"The enormous data gap raises serious doubts about transparency in reported progress against the Islamic State, al-Qaida and the Taliban, and calls into question the accuracy of other Defense Department disclosures documenting everything from costs to casualty counts," the newspaper says.

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"Most alarming is the prospect this data has been incomplete since the war on terrorism began in October 2001. If that is the case, it would fundamentally undermine confidence in much of what the Pentagon has disclosed about its prosecution of these wars, prompt critics to call into question whether the military sought to mislead the American public, and cast doubt on the competency with which other vital data collection is being performed and publicized. Those other key metrics include American combat casualties, taxpayer expense and the military’s overall progress in degrading enemy capabilities," it adds.

Commenting on the above revelation, RIA Novosti political analyst Alexander Khrolenko provides his reasons why the US Defense Department keeps this data secret.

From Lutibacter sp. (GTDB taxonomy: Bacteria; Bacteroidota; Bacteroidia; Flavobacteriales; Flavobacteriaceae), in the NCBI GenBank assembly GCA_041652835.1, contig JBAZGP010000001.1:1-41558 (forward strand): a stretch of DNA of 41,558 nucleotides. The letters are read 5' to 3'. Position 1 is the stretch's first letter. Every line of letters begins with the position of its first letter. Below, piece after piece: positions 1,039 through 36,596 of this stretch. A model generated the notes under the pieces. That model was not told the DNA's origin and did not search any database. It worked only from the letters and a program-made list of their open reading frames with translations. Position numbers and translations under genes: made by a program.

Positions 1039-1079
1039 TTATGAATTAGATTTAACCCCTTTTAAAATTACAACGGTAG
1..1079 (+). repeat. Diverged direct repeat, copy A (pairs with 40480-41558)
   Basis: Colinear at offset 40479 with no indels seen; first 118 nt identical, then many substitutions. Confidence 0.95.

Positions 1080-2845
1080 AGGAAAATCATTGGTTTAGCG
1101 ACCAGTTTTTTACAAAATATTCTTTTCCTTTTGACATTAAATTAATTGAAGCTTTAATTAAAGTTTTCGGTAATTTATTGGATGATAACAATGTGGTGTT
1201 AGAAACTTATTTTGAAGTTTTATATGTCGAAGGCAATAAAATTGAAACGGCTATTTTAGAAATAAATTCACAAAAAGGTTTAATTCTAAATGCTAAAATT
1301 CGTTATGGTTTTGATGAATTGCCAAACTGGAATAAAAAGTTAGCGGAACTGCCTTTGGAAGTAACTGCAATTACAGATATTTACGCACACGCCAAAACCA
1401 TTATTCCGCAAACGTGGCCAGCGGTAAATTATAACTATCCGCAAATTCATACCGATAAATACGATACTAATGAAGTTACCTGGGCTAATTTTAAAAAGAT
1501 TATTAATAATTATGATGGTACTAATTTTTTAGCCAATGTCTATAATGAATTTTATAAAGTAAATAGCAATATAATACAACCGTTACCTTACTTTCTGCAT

"The secrecy, distortion or hiding of information have certain financial implications," reads his article for RIA Novosti.

The political analyst further points out at the observations of The Military Times.

"The Pentagon discloses its top-line expenditures for each of these ongoing military operations, but that data is not readily broken down by the number of sorties flown by specific US aircraft and the amount of munitions they deploy. Consider, though, that Apache helicopters can carry a variety of weapons, including Hellfire missiles with a per-unit cost of $99,600, according to figures maintained by AeroWeb, a defense marketing intelligence firm that closely tracks international defense acquisition," the newspaper says.

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"A single airstrike can be carried out by multiple aircraft on multiple targets, and use multiple bombs, missiles, rockets and machine gun rounds. It can include combat sorties with predefined targets and attacks carried out during the course of close air support operations," it explains.

Besides, airstrikes can be carried out by fighters and other jets, attack helicopters and drones, and they can include any combination of munitions.